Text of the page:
Educating a New Generation of Entrepreneurial Leaders

Four schools are leading the way on unleashing the potential of next-generation changemakers.

“Education is the most powerful weapon that you can use to change the world,” said the late Nelson Mandela. What can we do to develop a new generation of empowered and entrepreneurial leaders through our schools? We often pay lip service to ideas such as “21st-century learning” and “entrepreneurial leadership development,” but the reality is that the vast majority of schools are not adequately preparing students to lead and collaborate with others to create positive change in the world. Fortunately, there are shining examples of schools from which we can learn—schools that take responsibility for preparing all of their students to become changemaking leaders.

One example is in Ahmedabad, India. A group of fifth-grade students from the nearby Riverside School labor in a factory, tediously rolling traditional incense sticks for eight hours. This is not a form of indentured servitude but an important curriculum lesson engineered by the school to teach empathy. The children leave the factory exhausted, but also awakened to the needs of the world and often charged with a commitment to do something about child labor.

In Johannesburg, South Africa, emerging leaders from across the continent participate in lab sessions at the African Leadership Academy that introduce them to design-thinking principles; they learn to deeply understand the needs of their local communities, and develop and implement sustainable solutions through the school’s Student Enterprise Program.

A continent away, at the Ravenscroft School in Raleigh, N.C., students between the ages of 5 and 18 are exposed to experiential lessons on self-agency, teamwork and collaboration, innovation and execution, resourcefulness, and adaptive persistence while they strive to put their change projects into action.

And at the WeSchool and iFEEL, a business school in Mumbai, India, a seven-month Global Citizen Leader program tasks first-year students with understanding the lives of the poor and co-creating solutions for poverty alleviation. A formal evaluation at the end found that 92 percent of the students reported a rise in social awareness and empathy. Furthermore, 80 percent of the students subsequently indicated a readiness to take on social challenges and felt they had the capability to create change.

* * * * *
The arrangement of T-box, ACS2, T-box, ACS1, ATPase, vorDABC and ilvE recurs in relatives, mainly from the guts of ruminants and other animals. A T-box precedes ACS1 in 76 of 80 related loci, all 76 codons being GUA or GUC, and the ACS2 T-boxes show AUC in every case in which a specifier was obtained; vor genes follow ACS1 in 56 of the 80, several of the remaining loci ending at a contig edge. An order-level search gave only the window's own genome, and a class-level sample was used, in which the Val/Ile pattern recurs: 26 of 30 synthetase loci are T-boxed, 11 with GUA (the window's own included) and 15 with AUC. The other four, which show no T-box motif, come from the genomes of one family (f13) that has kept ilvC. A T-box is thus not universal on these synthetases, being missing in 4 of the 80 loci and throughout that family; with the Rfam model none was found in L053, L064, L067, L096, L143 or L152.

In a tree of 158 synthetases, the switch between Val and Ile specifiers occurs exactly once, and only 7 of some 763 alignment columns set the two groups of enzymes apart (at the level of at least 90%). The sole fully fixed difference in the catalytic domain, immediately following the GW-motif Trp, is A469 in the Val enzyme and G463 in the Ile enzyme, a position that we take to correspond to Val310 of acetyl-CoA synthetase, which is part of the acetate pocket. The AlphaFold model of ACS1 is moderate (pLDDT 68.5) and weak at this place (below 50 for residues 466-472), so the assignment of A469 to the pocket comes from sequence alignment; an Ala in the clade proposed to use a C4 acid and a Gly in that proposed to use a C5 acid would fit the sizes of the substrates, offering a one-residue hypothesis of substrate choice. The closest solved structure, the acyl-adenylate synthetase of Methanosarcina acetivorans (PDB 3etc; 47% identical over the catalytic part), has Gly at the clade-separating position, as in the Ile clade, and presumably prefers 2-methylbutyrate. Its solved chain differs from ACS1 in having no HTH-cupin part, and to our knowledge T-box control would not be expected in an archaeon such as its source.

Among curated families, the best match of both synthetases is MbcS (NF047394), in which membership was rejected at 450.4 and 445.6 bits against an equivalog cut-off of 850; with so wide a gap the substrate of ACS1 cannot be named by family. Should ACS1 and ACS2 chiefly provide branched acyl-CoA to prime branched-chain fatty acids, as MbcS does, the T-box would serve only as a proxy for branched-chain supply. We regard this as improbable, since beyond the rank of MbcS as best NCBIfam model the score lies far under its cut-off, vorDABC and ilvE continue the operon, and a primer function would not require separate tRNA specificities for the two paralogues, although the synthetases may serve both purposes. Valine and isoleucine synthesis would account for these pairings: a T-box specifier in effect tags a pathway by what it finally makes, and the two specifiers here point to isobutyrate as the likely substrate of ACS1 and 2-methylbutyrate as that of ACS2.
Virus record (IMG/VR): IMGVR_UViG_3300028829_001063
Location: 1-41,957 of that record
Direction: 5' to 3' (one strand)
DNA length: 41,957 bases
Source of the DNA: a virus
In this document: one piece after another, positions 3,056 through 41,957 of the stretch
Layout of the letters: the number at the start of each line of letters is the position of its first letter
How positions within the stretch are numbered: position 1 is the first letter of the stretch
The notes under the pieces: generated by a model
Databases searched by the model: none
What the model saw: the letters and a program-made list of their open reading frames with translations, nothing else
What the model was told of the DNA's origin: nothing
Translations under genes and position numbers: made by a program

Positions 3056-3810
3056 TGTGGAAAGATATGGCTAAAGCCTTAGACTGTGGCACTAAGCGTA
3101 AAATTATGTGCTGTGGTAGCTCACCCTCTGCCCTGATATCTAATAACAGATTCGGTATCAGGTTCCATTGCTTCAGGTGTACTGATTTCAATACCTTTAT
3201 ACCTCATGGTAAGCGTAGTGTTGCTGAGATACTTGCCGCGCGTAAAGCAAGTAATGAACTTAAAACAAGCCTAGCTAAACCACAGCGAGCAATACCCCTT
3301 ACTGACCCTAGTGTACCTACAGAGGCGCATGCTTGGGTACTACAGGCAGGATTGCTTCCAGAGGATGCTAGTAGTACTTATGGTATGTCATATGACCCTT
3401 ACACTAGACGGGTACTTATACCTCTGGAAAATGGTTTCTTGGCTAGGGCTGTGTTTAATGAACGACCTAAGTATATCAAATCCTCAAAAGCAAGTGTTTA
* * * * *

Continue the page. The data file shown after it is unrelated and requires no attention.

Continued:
The pioneering efforts at these schools are purposefully incorporating changemaking leadership into the educational journey of all students by implementing a systemic, deeply integrated strategy throughout enrollment. By engaging all of their students through a systemic design, these schools recognize that everyone can become a leader of consequence. Further, they recognize that preparing students to become effective and enlightened leaders is critical to their future job prospects, leading deeply fulfilled lives, and becoming positive contributors to society in increasingly difficult times.

The need to think differently about preparing young people for the future is driven by a number of major forces. One is the Millennial generation itself. Half the people living in the world today are under the age of 30. The hundreds of millions of young people born in the digital age are more informed and connected than ever before. They’ve grown up in an era of widespread democracy, with expectations of freedom and equality. They are aware and distressed by the environmental, economic, and political state of the world. Change is very much on their minds: The world we have is not the one that they want. The interest of young people in changemaking is manifest in the surge in social entrepreneurship programs on college campuses and in young people taking to the street en masse for a slew of causes: against economic disparity in the Occupy Movement in the United States, for political representation in the Arab Spring, against corruption via the Lokpal Bill in India, and for affordable education in the Chilean Student Movement. These movements represent the readiness of young people to organize and vocalize their concerns.

Yet, even as young people want and expect more, opportunities are elusive. Job growth is not keeping pace with the increase in schools and college graduates. The current state of youth unemployment is equally dramatic in the wake of economic downturn in parts of Europe; youth employment exceeds 50 percent in Greece and Spain.